Monday, January 7, 2008

It's All Over But the Crying

Upon getting home, and doing some surfing, I looked at the headlines on Yahoo (my default homepage) and saw the headline "Teary-eyed Clinton Vows to Fight On." I immediately thought of Edward Muskie, the Democratic frontrunner for the election of 1972, and how his Niagara Falls crying display hammered the nails in his presidential coffin.

It would appear that history's about to repeat itself. Crying? Seriously? But yeah, it's probably coming to a close for Hillary anyway. Coming behind Obama in Iowa, by itself, isn't fatal. But coming in third behind Edwards, whose prospects by most mainstreamers were all but nil, and losing to Barack in women is a potential deal-closer for Obama.

I'm relieved. Hillary, I'd say by far, is the most right-wing conservative of all the major candidates, maybe all the Democratic candidates in this primary. The right-wingers will scoff, but it's true. Iraq doubtlessly hurt her. Her arrogant ways toward Obama in terms of her experience versus his inexperience, I'm sure, also turned a lot of people off. Personally, "experience" in government is a huge detriment for a candidate. And exactly what experience did Hillary have? She served most of her career as a first lady for Bill, first when he was governor, and later as President. She played one pivotal role in his administration, as the head of his health care reform program, and we all know what happened there. After that, she was in charge of conducting Easter egg hunts and things like that. And finally, in a cynical move, she became a New York resident and ran for Senate here. I know I'm getting off-topic, but half the candidates shouldn't even be in this race. IMO, the first and only duty of a holder of an office, should be to his or her constituents. Hillary (and to be fair, Obama) talks about what she's going to do, and how much experience she has, but she isn't even tending to the needs of New Yorkers. She's too busy running for president in New Hampshire.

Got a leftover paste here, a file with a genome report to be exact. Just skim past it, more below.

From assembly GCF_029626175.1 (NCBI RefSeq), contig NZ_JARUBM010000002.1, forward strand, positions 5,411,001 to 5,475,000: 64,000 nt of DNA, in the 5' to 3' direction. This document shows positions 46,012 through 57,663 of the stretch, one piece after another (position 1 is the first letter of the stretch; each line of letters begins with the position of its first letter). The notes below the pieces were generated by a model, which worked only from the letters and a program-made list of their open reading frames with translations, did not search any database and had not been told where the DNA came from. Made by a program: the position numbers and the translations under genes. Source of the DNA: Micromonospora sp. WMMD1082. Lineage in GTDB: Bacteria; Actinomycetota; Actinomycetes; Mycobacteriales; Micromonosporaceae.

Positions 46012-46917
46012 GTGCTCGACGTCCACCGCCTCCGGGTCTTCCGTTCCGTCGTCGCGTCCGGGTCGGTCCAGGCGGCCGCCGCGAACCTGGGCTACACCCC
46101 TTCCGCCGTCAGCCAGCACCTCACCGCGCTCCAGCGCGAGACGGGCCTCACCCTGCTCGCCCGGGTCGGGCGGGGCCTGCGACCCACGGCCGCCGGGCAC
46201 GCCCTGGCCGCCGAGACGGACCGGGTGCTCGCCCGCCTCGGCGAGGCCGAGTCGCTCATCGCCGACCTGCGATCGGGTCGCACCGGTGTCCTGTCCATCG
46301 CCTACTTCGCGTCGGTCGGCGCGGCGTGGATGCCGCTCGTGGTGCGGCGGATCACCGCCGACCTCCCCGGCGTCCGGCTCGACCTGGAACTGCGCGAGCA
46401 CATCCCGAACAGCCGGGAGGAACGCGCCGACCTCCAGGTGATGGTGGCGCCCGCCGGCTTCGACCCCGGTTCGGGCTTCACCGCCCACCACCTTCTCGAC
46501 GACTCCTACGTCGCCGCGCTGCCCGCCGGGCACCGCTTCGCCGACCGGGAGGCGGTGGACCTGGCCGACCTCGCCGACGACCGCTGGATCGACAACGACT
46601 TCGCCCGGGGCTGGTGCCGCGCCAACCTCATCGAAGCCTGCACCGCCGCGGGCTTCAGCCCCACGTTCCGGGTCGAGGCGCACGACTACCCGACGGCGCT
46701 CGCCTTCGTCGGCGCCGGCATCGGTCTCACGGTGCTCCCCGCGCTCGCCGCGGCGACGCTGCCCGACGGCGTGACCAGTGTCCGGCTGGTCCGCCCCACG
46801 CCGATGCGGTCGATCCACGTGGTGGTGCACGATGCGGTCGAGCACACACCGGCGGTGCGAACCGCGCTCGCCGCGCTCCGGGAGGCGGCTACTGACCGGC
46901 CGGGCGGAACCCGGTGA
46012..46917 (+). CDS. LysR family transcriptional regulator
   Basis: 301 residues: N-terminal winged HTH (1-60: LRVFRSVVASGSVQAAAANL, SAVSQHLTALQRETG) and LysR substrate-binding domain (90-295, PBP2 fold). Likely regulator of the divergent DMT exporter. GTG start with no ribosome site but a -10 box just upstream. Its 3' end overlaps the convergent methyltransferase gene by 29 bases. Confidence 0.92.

But yeah. I don't mind having a woman run for president. Just not Hillary, and it's looking like many Americans agree with me. The Hillary Clinton candidacy was a media creation in which the public never got on board. And also, our spiraling cycle toward aristocracy will be broken, at least for awhile. I was dreading the 20-25 year period of a Bush-Clinton-Bush-Clinton presidency, in which two families are throwing around the presidency like a hot potato (or a joint at a party, to quote Mos Def on Bill Maher's show).

But I digress. I doubt I'm going to vote next year. Obama's message of "hope" isn't a campaign platform. Hillary's a flake. Kucinich can't win. I do like Edwards' message, but the corporations have this country by its balls, so I'm sure he'd be neutralized if he became president.

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